Holiday Gear Guide 2012: The Big List

Holiday Gear Guide 2012: The Big List

Stylish and life-saving. Plus, it’s cheap. You need: At least 10 feet of 550 paracord, an internet connection and time. Backpacker has easy-to-follow directions here. Don't have time? Then you can always plonk down some cash to get one from Survival Straps.

Enjoy a little luxury in the backcountry with this handmade, vegan, biodegradable, small-batch soap. Maple Rowe soaps come in many different scents, including oatmeal stout, cedar flax, lychee red tea and white tea ginger. The company, run by a health-conscious Chicago couple, use organic ingredients whenever possible.

Wine in the backcountry? You bet. The ultra-durable PlatyPreserve not only is easy to pack then stash, but also protects your wine from oxygen—making it last for days to weeks.

Vanilla? Clean linen? Who are we kidding—it all ends up smelling like your grandmother’s potpourri. Smell better by bringing the outdoors in with these “man-scented” candles that range from bacon to cigar to “new mitt” (aka leather). Our favorite? Campfire.

Immortalize your favorite local ski resort with one of artist James Niehues' prints. After flying over each resort and taking aerial photographs, Nieheus works with topographic maps and hand paints each map with a realistic, detailed, breathtaking result. Some national park hiking trails also available.

Do you have a friend with a fantastic beard and tons of flannel? This could be the gift for him. Campfire Cologne lets you bring the backwoods to your home or office in a few simple steps detailed in the website’s hilarious video.

Handmade from recycled materials in the United States, each Practical Climbing sari chalk bag is one-of-a-kind. The company purchases the fabric from a woman who buys un-wearable saris at Indian flea markets and the fleece is made from recycled polyester.

Who likes folding maps? No one! Screw neatness, and crumple these maps into handy carrying bags. Available for a variety of cities.

In light of recent events, French scholars (or the scholars at The Onion, anyway) thought it necessary to retranslate "Le Tour de France" into its true meaning—and put it on a tee. Bonus: the dyes used are "EPO dispersing," so throw on your shirt and you, too, can pedal—or, hell, just sit—your way to your own yellow jersey.

If chia seeds are nutritious enough to fuel the Tarahumara ultrarunners (of Born to Run fame), they’re good enough for us! Chia seeds are a complete protein and a one-ounce serving boasts 9 grams of fat, 11 grams of dietary fiber and a solid dose of calcium, phosphorus and manganese.

Think arm and leg warmers went away with the '80s? Wrong. They're back—and they're both cuter and more technical than ever. With UPF 50 and odor-resistant fabric, you can help your favorite runner keep her training outside all winter and spring long.

Most outdoorsy dads have a few tricks—shadow puppets on tent walls, whittling sticks, starting a fire with a lens—for keeping the kiddos entertained on nature trips. But there's always more to learn, and this handy little volume from Todd Davis has 35 how-tos—collect water from trees! build a solar shower! compass treasure hunt!—that will help you and your family find wonder in the wild.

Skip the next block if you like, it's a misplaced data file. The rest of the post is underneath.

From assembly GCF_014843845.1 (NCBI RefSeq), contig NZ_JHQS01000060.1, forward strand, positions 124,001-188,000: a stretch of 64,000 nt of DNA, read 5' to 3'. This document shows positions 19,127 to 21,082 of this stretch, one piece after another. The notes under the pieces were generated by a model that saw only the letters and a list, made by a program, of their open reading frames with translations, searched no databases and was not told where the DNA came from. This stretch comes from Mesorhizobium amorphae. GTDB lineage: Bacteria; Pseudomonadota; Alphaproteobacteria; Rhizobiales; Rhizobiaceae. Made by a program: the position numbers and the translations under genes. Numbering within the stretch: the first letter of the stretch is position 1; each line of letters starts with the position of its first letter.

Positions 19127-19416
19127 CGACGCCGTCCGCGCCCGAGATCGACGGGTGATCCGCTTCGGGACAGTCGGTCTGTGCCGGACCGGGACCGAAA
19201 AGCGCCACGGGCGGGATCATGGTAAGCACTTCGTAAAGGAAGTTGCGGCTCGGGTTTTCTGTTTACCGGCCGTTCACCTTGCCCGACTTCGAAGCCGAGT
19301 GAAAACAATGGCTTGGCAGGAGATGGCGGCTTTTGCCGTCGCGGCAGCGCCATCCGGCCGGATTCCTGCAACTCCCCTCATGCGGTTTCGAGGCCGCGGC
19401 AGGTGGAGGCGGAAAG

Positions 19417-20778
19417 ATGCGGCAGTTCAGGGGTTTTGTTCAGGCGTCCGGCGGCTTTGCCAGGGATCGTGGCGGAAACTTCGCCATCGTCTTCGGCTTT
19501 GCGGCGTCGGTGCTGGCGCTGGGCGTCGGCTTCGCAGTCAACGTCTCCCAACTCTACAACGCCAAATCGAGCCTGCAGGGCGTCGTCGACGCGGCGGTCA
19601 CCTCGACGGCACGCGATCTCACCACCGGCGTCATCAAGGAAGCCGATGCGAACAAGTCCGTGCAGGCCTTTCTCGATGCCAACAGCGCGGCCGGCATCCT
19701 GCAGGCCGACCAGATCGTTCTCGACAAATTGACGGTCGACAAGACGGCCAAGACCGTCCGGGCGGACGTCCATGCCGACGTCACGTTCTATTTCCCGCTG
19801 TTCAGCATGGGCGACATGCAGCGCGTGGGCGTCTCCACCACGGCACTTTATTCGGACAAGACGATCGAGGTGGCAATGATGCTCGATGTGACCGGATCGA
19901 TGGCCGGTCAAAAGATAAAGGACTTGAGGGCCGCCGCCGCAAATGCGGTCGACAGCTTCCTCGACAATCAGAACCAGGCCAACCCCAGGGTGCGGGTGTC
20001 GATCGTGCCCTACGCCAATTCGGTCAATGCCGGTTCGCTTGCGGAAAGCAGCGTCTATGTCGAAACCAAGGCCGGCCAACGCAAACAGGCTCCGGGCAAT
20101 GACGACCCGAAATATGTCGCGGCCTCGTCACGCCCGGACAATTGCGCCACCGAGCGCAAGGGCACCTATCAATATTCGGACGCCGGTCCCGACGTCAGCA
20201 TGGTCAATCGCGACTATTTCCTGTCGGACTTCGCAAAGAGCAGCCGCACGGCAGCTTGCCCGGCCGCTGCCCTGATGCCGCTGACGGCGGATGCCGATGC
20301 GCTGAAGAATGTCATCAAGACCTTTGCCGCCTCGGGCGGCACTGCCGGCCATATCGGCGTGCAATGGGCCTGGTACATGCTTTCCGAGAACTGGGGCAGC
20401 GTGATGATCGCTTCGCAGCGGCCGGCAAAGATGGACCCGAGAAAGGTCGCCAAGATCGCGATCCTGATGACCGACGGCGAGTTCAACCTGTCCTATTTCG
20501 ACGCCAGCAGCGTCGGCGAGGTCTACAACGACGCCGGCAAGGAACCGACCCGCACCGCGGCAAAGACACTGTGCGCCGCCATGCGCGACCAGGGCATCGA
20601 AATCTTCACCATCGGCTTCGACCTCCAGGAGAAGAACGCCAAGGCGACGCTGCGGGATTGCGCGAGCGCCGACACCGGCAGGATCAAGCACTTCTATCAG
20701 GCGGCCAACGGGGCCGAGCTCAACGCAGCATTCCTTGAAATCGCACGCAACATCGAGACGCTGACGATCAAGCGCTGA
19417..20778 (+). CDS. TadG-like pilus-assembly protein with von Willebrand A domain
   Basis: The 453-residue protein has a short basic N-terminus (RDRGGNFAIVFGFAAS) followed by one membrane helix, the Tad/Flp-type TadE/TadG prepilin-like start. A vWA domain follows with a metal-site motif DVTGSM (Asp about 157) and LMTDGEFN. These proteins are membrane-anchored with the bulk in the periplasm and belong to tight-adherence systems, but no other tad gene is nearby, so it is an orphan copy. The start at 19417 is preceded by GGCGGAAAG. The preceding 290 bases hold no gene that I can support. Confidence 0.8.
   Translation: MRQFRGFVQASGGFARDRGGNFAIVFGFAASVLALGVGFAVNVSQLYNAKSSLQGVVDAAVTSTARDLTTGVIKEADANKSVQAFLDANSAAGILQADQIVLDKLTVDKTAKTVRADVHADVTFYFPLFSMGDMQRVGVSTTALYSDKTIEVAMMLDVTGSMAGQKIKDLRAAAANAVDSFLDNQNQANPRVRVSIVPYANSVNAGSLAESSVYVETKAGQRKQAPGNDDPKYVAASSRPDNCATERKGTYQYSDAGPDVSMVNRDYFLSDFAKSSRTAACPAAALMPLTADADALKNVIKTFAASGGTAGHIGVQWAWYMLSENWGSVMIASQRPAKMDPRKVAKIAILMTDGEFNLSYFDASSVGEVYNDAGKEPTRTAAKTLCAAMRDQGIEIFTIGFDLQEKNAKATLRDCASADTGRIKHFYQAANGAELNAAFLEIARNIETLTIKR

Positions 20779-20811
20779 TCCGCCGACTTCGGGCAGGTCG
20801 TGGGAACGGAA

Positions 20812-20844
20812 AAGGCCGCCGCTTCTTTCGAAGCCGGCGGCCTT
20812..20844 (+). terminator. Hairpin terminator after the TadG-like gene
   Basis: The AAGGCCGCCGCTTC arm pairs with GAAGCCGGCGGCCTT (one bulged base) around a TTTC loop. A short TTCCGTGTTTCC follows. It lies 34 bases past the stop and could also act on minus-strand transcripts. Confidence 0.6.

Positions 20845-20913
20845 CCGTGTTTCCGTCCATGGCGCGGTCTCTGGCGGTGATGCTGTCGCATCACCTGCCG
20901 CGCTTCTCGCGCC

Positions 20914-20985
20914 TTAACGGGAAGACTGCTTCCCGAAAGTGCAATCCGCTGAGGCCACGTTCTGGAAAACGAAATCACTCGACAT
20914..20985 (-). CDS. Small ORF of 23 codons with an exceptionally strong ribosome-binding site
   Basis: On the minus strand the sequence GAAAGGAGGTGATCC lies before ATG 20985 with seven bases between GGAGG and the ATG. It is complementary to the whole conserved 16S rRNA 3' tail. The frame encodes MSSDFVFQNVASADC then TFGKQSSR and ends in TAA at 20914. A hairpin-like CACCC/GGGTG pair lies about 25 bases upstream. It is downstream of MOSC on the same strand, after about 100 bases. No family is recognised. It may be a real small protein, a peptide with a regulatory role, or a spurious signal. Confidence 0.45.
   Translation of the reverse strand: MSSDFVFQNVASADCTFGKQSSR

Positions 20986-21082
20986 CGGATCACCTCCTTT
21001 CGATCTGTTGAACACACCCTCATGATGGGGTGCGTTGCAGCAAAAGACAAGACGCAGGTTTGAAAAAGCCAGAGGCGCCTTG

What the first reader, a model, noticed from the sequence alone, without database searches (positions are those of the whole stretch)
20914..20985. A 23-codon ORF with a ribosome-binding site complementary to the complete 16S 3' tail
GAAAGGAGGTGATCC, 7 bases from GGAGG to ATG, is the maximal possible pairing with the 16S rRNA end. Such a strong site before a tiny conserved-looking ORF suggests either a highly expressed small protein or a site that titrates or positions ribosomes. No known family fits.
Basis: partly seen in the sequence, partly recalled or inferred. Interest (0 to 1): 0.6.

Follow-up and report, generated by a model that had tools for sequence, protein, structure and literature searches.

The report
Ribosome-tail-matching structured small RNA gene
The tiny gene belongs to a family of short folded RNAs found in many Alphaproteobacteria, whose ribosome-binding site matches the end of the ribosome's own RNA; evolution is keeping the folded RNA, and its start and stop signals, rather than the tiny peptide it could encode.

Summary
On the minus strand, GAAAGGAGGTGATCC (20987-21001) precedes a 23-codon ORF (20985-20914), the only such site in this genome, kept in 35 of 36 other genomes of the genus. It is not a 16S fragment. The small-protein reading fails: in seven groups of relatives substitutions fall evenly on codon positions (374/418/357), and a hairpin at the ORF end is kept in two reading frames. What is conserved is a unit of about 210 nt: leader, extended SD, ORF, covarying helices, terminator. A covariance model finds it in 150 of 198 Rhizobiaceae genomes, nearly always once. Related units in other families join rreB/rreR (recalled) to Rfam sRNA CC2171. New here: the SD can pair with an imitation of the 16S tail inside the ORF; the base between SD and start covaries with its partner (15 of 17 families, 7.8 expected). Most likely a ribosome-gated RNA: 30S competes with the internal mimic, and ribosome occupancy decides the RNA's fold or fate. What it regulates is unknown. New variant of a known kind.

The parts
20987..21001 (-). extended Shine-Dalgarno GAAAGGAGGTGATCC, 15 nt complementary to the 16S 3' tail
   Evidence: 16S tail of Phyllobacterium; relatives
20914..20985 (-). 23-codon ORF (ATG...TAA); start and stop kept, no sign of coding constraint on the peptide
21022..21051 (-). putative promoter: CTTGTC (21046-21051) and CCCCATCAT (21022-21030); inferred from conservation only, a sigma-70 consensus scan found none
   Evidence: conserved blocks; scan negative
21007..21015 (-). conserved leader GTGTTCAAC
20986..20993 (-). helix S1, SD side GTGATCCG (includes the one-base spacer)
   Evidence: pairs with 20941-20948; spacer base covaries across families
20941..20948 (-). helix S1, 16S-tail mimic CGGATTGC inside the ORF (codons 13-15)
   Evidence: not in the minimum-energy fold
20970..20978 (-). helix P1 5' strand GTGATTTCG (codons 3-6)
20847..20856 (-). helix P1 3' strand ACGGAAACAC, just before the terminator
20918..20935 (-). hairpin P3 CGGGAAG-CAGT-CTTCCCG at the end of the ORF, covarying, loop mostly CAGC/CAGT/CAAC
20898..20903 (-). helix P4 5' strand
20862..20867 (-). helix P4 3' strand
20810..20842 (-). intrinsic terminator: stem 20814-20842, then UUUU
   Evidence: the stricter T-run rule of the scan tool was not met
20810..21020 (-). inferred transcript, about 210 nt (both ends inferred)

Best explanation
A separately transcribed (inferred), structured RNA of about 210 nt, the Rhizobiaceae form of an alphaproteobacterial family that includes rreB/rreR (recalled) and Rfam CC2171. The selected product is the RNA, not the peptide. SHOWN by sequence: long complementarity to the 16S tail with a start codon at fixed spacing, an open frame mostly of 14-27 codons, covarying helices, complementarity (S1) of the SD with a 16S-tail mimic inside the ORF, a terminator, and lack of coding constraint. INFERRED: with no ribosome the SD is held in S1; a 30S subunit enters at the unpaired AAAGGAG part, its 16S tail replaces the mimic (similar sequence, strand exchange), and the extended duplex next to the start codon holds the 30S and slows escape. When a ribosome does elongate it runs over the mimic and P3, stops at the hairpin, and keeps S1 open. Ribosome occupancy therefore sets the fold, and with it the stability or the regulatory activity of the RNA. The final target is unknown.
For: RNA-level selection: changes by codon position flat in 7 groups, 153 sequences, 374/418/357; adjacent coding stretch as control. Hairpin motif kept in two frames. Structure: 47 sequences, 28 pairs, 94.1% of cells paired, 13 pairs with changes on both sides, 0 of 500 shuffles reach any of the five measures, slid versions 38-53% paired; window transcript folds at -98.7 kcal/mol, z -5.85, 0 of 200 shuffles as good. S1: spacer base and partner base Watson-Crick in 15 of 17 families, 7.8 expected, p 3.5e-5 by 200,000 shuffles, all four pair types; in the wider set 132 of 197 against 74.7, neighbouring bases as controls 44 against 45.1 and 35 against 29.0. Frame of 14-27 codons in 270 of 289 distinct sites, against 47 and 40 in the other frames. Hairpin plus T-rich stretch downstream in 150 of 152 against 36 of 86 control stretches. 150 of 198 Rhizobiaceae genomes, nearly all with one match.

Your friends will feel great about wearing this charm, as proceeds from BEYONDgear go to the CEU Urban Climbing School in Rio de Janeiro, Brazil, where founders Andrew Lenz and Asa Firestone hope to build a climbing wall for children in one of South America’s largest slums.

A hat, headband and neck gaiter in one, this beanie provides a range of cold-weather protection. The open-top option also makes it a great gift for anyone on your list with dreadlocks.

Warm up your next backcountry trip with a few pulls of your favorite spirit from this tough, stainless steel classic by Stanley. Its wide-mouth opening is easy-fill (and, yes, easy-empty), and a slim profile is perfect for stashing in an outer backpack or jacket pocket.

Based on a Grylls family heirloom, this throwback knife—armed with a single blade, corkscrew, screwdrivers, bottle opener and file—demonstrates the simple, timeless utility of a good knife.

For athletes who can’t afford daily professional rub-downs (read: most of them), the foam roller offers many of the same benefits of massage without recurring fees. This hollow model is lightweight, making it great for travel, plus it’s also firmer than a basic foam roller, so it will hold up over the long run (pun intended).

Energy bars are a backcountry staple, and now Element Bars lets you customize your fuel. Choose your core, fruits, nuts, sweets and boosts on the interactive website to create your ideal mix. As you go, it tracks the nutrition—or lack thereof. To make sure your bar taste great, the virtual “bar tender” alerts you if it thinks a combination needs adjustment (maybe that banana mint popcorn bar won't be so tasty, after all).

No tying required. This reclaimed-wood tie is perfect for dressing up his favorite flannel. Bonus: It pairs perfectly with a pair of hiking boots.

For that freak in the family who runs all winter long, get the first footwear traction device designed specifically for runners. With removable spikes placed at key strike points and steel coils over the heel for additional traction on the end strike, they’ll pound packed snow and ice like it’s pavement.

Multipurpose pedals are a great gift for the cyclist who uses his bike for commuting and long weekend rides. With one side for street shoes and the other an SPD, the pedals allow you to use both cycling and regular shoes without adjustment. Find them cheapest ($41) at Nashbar. For a more high-tech, lighter-weight version, upgrade to the Shimano PD-A530.

This comfy, two-legged camp chair is more stable than it looks (hint: the other two legs are attached to the sitter). Its innovative, space- and weight-saving design makes it as fitting for a backcountry trip as it is for a picnic at a local park.